“At the Gates” Makes White Supremacy the Villain

At the Gates

White supremacy is scary as fuck. It’s the evil idealogy powered by the colonial world order, creating a hierarchy of humans as if light skin can equate to worth rather than simply the absence of melanin. It makes no sense scientifically or even as a coherent ideology but it’s the archaic system we’re all living under. And it’s the subject of the new thriller At the Gates out in select theaters now.

Since Jordan Peele’s Get Out, many have tried to replicate his concept of racialized, social commentary horror, casting white supremacy as the villain. These works, like writer-director Augustus Meleo Bernstein’s At the Gates, walk a thin line between showing the terror exacted upon brown and Black bodies and glorifying it.

Now, skin color doesn’t determine if someone resists or upholds white supremacy. If it did, that would mean the idealogy had some inherent sense to it. It doesn’t. Instead, it dispenses benefits based on proximity to an idealized, imaginary, pure white identity. But even people who reject the idealogy of white supremacy can find themselves taking advantage of the privileges they get based on where they are in its system. You see, we all have to do a calculus, weighing to various degrees their moral compass, personal stakes, and proximity to whiteness, arriving at when to resist, when to capitulate, when to upload, and to what degree.

It’s a system that when combined with capitalism makes us all guilty, if to different degrees. So for those of us who seek to upturn the system, the goal cannot be to be pure but to be less guilty. And that dynamic can obscure all sorts of behaviors, the good, the comprised, and the truly evil.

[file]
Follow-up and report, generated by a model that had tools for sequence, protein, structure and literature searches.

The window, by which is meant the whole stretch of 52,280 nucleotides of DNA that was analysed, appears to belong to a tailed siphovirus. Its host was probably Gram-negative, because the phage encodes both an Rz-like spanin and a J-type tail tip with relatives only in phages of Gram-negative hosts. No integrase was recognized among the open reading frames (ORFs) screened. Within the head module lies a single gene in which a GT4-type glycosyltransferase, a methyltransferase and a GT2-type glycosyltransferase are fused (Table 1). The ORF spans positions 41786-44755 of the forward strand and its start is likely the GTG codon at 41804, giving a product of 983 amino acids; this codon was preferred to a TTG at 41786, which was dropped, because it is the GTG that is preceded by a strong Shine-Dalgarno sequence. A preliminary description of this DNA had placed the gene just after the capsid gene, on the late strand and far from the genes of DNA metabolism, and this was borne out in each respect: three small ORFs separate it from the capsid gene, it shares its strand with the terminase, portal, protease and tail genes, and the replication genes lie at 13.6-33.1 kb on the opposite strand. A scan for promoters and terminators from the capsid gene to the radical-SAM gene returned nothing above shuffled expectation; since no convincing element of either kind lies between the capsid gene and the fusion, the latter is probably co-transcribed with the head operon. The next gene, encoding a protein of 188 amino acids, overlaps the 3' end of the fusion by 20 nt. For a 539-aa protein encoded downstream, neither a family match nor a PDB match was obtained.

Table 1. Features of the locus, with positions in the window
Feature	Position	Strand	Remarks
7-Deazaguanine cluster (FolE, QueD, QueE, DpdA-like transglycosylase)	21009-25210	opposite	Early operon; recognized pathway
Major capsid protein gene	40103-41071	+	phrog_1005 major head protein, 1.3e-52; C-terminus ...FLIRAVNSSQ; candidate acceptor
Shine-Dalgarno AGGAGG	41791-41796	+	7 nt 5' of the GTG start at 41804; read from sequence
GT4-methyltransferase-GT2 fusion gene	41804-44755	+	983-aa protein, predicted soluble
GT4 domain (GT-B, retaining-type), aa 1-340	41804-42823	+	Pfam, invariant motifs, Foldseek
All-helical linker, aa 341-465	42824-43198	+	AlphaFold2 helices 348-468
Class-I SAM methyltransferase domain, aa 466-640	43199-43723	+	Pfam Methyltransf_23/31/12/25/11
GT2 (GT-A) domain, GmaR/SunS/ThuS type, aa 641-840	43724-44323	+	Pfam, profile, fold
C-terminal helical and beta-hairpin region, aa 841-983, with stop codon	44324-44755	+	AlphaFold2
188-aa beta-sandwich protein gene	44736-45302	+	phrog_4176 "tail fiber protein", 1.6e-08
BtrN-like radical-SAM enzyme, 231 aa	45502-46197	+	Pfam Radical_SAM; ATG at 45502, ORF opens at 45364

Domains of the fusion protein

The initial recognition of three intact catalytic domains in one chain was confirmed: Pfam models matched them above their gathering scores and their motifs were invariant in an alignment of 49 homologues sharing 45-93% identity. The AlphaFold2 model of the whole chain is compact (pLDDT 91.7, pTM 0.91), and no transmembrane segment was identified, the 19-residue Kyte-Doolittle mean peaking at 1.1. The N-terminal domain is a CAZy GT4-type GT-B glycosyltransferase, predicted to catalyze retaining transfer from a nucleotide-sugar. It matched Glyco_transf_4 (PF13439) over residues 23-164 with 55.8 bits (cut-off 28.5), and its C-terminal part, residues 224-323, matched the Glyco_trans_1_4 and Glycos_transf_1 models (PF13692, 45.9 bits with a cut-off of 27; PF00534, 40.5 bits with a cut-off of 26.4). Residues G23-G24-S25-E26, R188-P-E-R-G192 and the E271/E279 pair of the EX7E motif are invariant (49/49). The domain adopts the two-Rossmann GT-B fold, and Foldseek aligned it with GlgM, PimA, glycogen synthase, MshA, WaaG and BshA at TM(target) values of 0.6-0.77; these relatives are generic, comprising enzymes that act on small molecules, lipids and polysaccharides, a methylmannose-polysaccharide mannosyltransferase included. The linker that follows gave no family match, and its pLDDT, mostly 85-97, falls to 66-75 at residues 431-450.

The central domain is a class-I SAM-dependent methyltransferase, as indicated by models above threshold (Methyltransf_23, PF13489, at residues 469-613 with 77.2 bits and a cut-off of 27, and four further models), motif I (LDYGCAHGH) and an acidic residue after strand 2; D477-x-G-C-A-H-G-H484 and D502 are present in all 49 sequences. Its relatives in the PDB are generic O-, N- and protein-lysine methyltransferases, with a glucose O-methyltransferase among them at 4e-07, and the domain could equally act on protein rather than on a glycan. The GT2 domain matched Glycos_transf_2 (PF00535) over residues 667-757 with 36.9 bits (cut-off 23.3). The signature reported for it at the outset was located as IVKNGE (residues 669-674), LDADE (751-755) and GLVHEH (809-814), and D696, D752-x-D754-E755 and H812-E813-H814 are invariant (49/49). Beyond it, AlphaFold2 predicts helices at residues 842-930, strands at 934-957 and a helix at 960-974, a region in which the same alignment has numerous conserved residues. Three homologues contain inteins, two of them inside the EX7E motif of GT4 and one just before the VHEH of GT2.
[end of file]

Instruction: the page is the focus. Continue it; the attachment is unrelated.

“At the Gates” exists inside that obscurity. It opens with Ana (Vanessa Benavente) taking her son Nico (Ezekiel Pacheco) to work with her for the day. They leave their humble apartment, taking the bus to a rich, white neighborhood where Ana has been cleaning one of the mansions for years. She’s proud of her work, of taking something from dirty to clean, and proud of her son who’s getting ready for college. The home and the film are filled with neutral colors, mostly whites, making the white family seem both blank and conspicuous.

Ana and Nico are about to head home for the day when there’s a knock on the door. It’s the police. Wife Marianne (Miranda Otto) gets the patriarch of the family Peter (Noah Wyle) to go out and talk to them. We don’t hear their conversation or the one afterward between the two homeowners – we only know that it is fraught and takes a long time.

Eventually, Marianne explains to Ana and Nico that it was ICE conducting a raid. She says the border agents have their names and addresses and are planning to deport them – but she’s concocted a plan to save them, turning a basement closet into a secret bedroom where Ana and Nico can stay. Marianne tells them they can hide there and keep cleaning the house (for money) as long as needed.

To Ana, it feels like help and she quickly adjusts to a new normal where she cannot leave her place of employment or even go the window. Nico thinks something nefarious is underfoot. How did they make up the room so quickly? Why are they stuck in a closet where the door locks from the outside? What are these, condescending, rich white folks hiding?

I won’t give anything away, but I will report that the mystery is equally terrifying and compelling, ratcheting up the suspense and sense of unease throughout the film’s 97 minutes, until we finally arrive at a satisfying conclusion.

As such, At the Gates doesn’t try to replicate Get Out’s humor or even the ambitious scope of its social commentary. Instead, At the Gates goes its own way, focusing on the undocumented, domestic worker experience and how the inherent vulnerability in that position is a site of horror.

That it does so with compelling performances from each of its small cast, a set design that reflects its themes, and a deep understanding of how to build, release, and build suspense again, makes it a phenomenal Get Out successor. And proof that filmmakers outside of Jordan Peele can and should aim to depict white supremacy as the terror it is in film and beyond.

At the Gates is screening in select theaters now.

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